Anyway, she would like to go ahead and leave, draw her pension with her benefits paid, and either work at the hospital doing what she does, or freelance--she sometimes works with her kids over the summers and the parents pay her for her time, and at least one family has said they would love it if she could do it full time. I told her not to do anything out of spite, but if the financial aspect allows her make her bills, follow her heart. I think it hurts her now that Wilma has retired and many of her peers are rather new--they view their jobs as just jobs, while Mom has always felt it as more of a calling.

That's about it for now. It's 11 on Saturday night and I'm an old, big dork who's up way past her bedtime.

Tuesday, January 23, 2007

Slowly Returning to Normal

I've been back in AZ for a few days, but haven't had a moment to log on and post about last week. I figure this time is as good as any, and talking about things has been pretty good in terms of getting a bit better.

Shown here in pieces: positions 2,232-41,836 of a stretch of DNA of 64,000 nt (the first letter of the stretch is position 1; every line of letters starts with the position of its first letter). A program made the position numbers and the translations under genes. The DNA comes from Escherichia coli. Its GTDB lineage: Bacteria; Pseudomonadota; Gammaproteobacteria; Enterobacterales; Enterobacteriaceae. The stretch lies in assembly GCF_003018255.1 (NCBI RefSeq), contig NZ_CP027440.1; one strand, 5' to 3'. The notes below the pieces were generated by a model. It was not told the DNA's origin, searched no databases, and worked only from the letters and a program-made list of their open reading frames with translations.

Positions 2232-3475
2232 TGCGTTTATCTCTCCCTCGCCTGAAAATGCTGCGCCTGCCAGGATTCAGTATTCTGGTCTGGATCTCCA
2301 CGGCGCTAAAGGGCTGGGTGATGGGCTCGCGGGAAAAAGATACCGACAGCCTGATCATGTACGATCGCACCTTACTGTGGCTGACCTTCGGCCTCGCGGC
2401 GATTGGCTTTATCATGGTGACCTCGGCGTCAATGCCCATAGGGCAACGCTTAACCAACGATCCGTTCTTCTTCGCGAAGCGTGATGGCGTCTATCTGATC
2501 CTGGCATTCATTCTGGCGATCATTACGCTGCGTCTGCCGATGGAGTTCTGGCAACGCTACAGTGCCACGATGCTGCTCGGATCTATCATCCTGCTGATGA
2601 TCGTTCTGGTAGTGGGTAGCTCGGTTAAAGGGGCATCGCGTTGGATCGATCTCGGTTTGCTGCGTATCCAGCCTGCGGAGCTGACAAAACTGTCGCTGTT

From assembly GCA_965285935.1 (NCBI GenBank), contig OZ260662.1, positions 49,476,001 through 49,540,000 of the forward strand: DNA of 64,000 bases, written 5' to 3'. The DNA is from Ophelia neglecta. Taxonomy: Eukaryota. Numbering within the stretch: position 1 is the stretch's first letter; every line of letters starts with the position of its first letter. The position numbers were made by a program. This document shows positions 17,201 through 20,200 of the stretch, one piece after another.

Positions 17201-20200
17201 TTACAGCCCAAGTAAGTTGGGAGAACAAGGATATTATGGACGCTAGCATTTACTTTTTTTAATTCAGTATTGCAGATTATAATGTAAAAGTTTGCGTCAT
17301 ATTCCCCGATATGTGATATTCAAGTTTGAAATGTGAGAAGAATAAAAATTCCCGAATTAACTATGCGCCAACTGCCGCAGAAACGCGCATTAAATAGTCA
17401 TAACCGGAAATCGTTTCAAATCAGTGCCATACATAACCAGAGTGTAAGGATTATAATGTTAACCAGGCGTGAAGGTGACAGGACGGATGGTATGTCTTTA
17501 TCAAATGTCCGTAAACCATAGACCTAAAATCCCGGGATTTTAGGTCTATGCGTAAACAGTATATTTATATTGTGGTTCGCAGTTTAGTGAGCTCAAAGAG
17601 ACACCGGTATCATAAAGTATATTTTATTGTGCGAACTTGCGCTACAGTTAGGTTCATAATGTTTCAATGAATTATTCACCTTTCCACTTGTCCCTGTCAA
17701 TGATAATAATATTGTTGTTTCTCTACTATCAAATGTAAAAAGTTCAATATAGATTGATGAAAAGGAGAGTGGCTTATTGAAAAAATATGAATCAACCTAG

As I posted before I left, the service for Dad was last Tuesday, with the military ceremony at Camp Nelson outside of Nicholasville. I thought the service was rather nice, and I was glad to see Tooz there, as well as people I hadn't seen in years. Our old neighbors from Sadieville from almost 20 years ago came--they saw the obituary in the paper. The hospice chaplain, Gary, told us a few times he wished he'd had the chance to meet Dad during the good times--in his line of work, that doesn't really happen. After the service, Dad received a 21-gun salute at Camp Nelson, and since I've never been near a gun when fired, I almost wet myself at the first volley. Mandi was there, and she grabbed me and held me for the rest. Somehow, we got through the day. Mom wanted to spend the rest of the afternoon and evening alone, and Jamie and John called us that night to have dinner. Jamie and I had a couple shots for Dad and talked about the day. We agreed that while people meant well, and it's a social convention, asking us, "How are you?" at our Dad's funeral wasn't the best idea. Jamie had to hide to fight the urge to punch the next person who asked her. Me, I watched people ask me, then realize what they had asked, and I had to fight the urge to laugh as they struggled with wanting to take it back. Completely irrational, we know, but it was so difficult and our nerves so raw it was really hard to predict how we were going to behave.